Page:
Pyramid Explorer was a sell-out tour with lots of specials. They began with a visit to the new Fustat National Museum of Egyptian Civilization. So far only one gallery is open to the public but it is a vast site, and work is well underway for a planned opening in the next couple of years. One of the most interesting pieces on display was the coffin of Nedjemankh, this had been repatriated from the Metropolitan Museum of New York in September this year. There were some lovely exhibits of jewellery manufacture, alongside woodwork, textile and pottery crafts to view.
Coptic Cairo was exceptionally busy as it was a public holiday. We had time to visit the Coptic Museum, the famous Hanging Church and the Babylon Fortress.
In the evening, we had a visit to the Egyptian Museum which really was a treat. Because we were the first group to arrive it was deserted, and as Medhat said on entering the building, “The Museum is Yours”.
A trip to Mit Rahina before visiting Giza for an in depth excursion where Colin explained the geology of the site and we listened to Colin’s theories on the weathering of the Sphinx.
We headed across the desert to Abu Ghurob in our four wheel drive vehicles and explored the Sun Temple of Niuserre, dating from the 5th Dynasty.
We were accompanied by Dr Ali Bek Elsilihdar who is a specialist expert at the site and he pointed out all the main features. The huge altar with its four ‘hotep’ symbols is six metres in diameter and was carved from five blocks of white alabaster – truly amazing. Dr Ali led us to more interesting features including a block with the hieroglyph for sun temple and the many alabaster basins thought to be for purification rites.
Our day continued with the short ride to Abu Sir where Dr Ali led the group around the site including the Pyramid of Sahure with its lovely palm columns.
Our private evening opening of the Great Pyramid is always a wonderful experience. Entering the site when it is closed to the public and the traders are finished for the day is very special. Excitement is heightened as doors are unlocked and keys rattle.
We began by descending over 100 meters in the bedrock to the subterranean chamber where Colin gave us his thoughts on the chamber and the tunnel leading from it. Next to the Queen’s chamber, and finally along the Grand Gallery to the King’s Chamber.
A fabulous evening, especially as on emerging from the pyramid an almost full moon gently bathed the site, completing the whole magical experience.
A full day at Saqqara with the first treat seeing the Step Pyramid clear of scaffolding for the first time in many years. Time to enter the Bubastieon tombs of Maia, ‘wet nurse’ of Tutankhamen, and Nentymes, before continuing to the Pyramid of Unas. After time to enter the pyramid we walked part way down the Unas causeway where our inspectors were waiting at the entrance to the 2nd Dynasty Tomb of Ninetjer.
Once in the tomb, accessed via a metal ladder, our inspectors led us through a maze of tunnels and told us about their conservation work pointing out storage areas for pottery, wooden coffins and even mummies.
Later we entered the Serapeum, Old and New Kingdom Tombs, the Teti Pyramid and wandered round the Step Pyramid.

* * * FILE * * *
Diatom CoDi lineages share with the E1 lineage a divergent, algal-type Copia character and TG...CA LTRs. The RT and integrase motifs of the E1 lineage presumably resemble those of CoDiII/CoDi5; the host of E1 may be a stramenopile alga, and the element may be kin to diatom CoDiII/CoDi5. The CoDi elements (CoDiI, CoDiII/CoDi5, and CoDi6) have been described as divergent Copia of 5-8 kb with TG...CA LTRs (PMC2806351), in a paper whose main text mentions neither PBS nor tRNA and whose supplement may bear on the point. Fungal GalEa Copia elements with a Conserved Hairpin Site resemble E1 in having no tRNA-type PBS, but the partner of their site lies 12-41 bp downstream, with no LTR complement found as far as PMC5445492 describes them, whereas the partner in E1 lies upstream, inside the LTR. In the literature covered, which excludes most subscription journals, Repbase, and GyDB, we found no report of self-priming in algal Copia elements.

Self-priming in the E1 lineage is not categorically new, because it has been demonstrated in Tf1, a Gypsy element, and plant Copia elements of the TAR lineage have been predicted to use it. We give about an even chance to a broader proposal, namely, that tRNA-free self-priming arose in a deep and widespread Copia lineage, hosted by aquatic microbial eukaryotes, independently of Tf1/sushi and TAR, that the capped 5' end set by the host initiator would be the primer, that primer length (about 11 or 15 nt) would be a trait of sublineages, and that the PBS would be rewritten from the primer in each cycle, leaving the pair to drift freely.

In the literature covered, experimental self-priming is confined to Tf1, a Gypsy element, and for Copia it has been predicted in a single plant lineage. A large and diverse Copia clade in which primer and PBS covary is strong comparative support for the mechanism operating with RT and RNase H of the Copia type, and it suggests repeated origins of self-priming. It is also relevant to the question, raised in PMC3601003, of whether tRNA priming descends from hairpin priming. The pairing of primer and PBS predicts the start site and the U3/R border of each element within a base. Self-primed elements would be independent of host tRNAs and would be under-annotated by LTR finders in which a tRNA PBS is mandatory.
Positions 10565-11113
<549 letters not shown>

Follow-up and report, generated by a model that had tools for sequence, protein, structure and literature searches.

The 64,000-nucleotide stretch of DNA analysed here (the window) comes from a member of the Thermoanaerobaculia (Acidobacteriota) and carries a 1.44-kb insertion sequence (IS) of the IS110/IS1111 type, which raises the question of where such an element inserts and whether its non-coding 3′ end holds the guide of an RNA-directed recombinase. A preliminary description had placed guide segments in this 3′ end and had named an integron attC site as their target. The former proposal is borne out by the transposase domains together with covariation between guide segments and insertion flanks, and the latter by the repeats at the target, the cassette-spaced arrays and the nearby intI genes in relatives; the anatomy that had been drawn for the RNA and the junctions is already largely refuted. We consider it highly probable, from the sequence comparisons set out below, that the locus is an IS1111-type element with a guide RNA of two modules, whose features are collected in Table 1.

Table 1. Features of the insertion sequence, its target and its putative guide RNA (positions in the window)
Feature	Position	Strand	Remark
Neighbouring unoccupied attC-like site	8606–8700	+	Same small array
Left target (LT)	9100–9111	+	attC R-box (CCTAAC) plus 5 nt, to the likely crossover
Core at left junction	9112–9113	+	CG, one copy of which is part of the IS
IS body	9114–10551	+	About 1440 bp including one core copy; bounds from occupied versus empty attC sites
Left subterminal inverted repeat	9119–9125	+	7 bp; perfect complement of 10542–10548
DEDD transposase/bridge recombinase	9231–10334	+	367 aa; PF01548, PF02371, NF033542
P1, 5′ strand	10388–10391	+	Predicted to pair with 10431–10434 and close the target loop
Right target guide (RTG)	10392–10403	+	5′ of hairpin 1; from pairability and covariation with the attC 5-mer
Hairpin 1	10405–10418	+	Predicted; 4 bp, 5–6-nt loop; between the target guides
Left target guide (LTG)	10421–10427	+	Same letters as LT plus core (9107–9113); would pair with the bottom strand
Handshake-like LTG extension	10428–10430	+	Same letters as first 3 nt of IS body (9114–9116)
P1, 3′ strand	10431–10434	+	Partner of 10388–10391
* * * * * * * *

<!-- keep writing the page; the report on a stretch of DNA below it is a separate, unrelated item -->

At Dahshur our first visit was The Black Pyramid of Amenemhat III as we had another special permit allowing entry.
Our local Inspectors led us through a network of interconnected passageways to the ‘King’s Chamber, containing a pink granite sarcophagus with carving resembling the serekh motif. The corridors and chambers are all cased in fine limestone, and at the end of one tunnel we found the alabaster canopic chest. Shining a torch inside the chest showed the beauty of the alabaster used.
Next, to the Bent Pyramid, now a regular tourist site that includes entry to the pyramid in the ticket price. This was followed by entry to a satellite pyramid, and finally the Red Pyramid. After entry to four pyramids in one morning it was good to get to The Sakkara Palm club for a relaxing lunch.
Our final day began with a trip to the Meidum Pyramid where we investigated some of Colin’s theories and some of the group adventured in to the burial chamber of Mastaba 17.
While on site Medhat became aware of a group of Egyptian engineering students who found the site difficult to understand; he ended up giving a talk on the history of the area. It was fun to hear Medhat teaching students in his own language.
Before we left Meidum we drove out to the north of the pyramid to look at the Mastabas of Nefermaat and Rahotep and his wife Nofret.
Although we could not enter the mastabas it was interesting to see the original location of the Meidum Geese scene and the home of the lovely limestone painted statues of Rahotep and Nofret, now on display in Cairo Museum.
Our final adventure included lunch in a fine restaurant in Khan el Khalili.
Once again Pyramid Explorer lived up to its name and many thanks to Colin Reader for taking us down and through so many exciting passageways!
Thank you Medhat Saad for guiding throughout and of course to all the Ministry of Antiquities Inspectors who accompanied us on our travels.
A big thank you also to Dr Ali Bek Elsilihdar for guiding us around the rarely visited sites of Abu Ghurob and Abu Sir.